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Bill Lockyer to Riverside: sign agreement or go to court

by mary shelton Thursday, Feb. 22, 2001 at 11:34 PM

California's state attorney general bill Lockyer issued an ultimatum to Riverside's City Council: sign an agreement to reform the police department or he'll see them in court. Mayor Ron Loveridge urged the council to sign but council member Ed Adkison says he'll have to think about it.

Last night, Mayor Ron Loveridge urged members of the City Council to sign a legally binding agreement with the State Attorney General's office to reform the beleagured police department. Immediately, council members Ameal Moore, Maureen Kane and Laura Pearson agreed to sign. However, Ed Adkison said that while he believes the department needs to be reformed, he believed that the state is interfering in the process because it has no faith in the Council's leadership.

Community members filled the council chambers and spoke both for and against the agreement. Mary Figueroa, who served on the Mayor's use of force panel which implimented a series of reforms said that because she supported the agreement, did not mean that she was anti-police. "I have many dear friends in the police department," she said. "It is time for the city to do the right thing for the community." Jim Martin said that oversight by an outside agency was necessary, because "during a crisis, the city buckles under." He spoke of the need for the police officers to abide and uphold the constitutions of the state and the nation, talking about an incident that took place on Nov. 15, 1999 that involved 14 police officers pulling a man out of a group of peaceful protesters, and holding him in a wristlock for 20 minutes while issuing him a citation for crossing against a don't walk signal.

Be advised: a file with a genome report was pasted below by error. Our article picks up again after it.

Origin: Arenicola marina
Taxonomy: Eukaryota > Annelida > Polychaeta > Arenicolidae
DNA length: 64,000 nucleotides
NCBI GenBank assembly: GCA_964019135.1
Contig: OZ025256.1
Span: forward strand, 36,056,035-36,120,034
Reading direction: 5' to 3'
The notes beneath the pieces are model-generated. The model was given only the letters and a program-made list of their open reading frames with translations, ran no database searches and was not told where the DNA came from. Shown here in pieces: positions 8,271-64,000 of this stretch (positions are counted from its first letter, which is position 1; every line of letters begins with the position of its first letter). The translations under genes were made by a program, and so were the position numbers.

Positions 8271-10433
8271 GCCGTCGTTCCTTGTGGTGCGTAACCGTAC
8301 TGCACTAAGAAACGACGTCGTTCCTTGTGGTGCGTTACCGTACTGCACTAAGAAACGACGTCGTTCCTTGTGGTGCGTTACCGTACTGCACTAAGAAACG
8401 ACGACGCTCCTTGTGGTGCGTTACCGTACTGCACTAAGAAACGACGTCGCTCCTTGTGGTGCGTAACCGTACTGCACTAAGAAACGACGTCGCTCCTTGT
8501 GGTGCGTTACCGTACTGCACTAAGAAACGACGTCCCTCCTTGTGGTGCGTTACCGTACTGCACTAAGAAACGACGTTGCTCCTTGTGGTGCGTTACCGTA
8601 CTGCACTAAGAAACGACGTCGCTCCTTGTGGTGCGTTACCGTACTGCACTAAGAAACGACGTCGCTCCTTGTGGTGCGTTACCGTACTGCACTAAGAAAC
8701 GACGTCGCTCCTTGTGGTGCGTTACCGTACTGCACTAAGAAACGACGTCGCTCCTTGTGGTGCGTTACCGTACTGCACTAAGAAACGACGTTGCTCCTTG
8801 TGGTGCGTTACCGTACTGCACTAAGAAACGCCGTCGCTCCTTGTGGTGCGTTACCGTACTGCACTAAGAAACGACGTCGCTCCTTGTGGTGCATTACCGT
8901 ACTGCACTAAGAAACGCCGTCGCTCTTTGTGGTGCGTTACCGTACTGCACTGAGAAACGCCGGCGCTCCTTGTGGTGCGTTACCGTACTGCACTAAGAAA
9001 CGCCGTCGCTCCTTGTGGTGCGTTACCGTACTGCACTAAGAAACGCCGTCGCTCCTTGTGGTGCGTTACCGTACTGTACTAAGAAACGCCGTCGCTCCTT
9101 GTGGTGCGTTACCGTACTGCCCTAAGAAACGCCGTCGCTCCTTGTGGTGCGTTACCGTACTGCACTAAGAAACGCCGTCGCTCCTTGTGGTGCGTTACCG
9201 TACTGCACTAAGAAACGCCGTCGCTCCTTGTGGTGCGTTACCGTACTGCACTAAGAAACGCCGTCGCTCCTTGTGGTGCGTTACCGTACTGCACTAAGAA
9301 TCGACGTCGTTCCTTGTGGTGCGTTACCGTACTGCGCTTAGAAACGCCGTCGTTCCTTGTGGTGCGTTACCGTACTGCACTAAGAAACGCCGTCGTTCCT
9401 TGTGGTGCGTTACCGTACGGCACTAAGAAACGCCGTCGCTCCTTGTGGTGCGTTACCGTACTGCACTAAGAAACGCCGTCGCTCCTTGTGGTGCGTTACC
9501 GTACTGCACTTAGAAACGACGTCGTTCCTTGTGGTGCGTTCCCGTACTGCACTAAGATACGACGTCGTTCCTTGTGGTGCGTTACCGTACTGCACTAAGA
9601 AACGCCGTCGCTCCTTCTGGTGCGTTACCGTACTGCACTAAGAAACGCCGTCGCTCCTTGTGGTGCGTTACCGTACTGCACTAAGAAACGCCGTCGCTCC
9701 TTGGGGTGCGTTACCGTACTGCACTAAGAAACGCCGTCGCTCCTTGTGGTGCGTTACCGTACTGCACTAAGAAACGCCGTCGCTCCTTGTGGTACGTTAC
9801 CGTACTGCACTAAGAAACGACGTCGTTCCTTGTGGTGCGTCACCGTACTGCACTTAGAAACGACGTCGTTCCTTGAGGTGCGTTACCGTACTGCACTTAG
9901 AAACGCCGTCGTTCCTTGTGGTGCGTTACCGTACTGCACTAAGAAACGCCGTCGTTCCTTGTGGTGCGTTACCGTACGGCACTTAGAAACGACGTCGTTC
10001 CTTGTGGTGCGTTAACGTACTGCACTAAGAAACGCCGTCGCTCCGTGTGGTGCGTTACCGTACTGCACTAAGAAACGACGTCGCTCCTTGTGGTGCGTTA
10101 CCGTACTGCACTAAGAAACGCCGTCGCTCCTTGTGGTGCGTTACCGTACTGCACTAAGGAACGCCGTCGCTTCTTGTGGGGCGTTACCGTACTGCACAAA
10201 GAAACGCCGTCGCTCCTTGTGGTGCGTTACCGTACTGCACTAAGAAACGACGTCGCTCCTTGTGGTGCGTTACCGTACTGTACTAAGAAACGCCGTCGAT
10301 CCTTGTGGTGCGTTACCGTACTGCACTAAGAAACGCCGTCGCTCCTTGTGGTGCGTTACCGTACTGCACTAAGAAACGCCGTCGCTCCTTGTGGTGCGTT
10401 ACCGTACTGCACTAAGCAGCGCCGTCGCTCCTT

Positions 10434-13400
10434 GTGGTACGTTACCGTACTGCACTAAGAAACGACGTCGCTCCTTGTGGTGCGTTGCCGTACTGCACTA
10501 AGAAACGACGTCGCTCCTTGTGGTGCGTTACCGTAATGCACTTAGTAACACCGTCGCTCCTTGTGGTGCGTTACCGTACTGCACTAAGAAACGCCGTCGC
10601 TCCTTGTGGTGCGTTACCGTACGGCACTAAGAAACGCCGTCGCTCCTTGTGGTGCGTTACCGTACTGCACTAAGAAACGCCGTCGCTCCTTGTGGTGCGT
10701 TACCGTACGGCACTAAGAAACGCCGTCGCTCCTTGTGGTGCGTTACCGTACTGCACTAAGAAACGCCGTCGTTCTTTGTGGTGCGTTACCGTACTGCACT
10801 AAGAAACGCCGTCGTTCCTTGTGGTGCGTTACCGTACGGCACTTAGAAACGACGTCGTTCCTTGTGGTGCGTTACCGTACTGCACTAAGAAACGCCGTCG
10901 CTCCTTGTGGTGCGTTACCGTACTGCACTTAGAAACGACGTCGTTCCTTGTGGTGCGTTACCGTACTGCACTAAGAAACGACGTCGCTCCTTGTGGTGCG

Other community members spoke against the agreement. Susan Holladay said she was against the attorney general butting into Riverside's affairs. Another woman spoke in favor of videotaping so that the public would see what officers have to go through for "having the temerity to make a traffic stop."

Police Chief Russ Leach praised the reforms and said the department would go further than what he considered the 'bare minimum.' The audience applauded, when he said that a written reprimend against whistleblower Lt. Jim Cannon, the department's highest ranking Black officer would be purged from his file. Cannon had provided councilman Moore with information about racist behavior that had occured by officers involved in the 1998 shooting death of Tyisha Miller.

Reforms include improving the training and supervision of officers, such as requiring sergeants to be on probation for 12 months instead of six. And ensuring that all watch commanders will be lieutenants. The roll call sessions will be videotaped and witnessed by a watch commander, Leach said. "Zero tolerance for ethnic, racial and sexual slurs within the four walls of the department," he said. Lockyer had told council members in his presentation that racist and sexist jokes had taken place during roll call and the sergeants had participated in the banter, rather than reporting or stopping it. Improved diversity training will be developed and signed off on, by Lockyer's office. And a consultant who will be paid out of the department's budget will supervise the progress of the reforms.

The council votes on whether to sign the agreement, next Tuesday, Feb. 27, in open session at 2 p.m.
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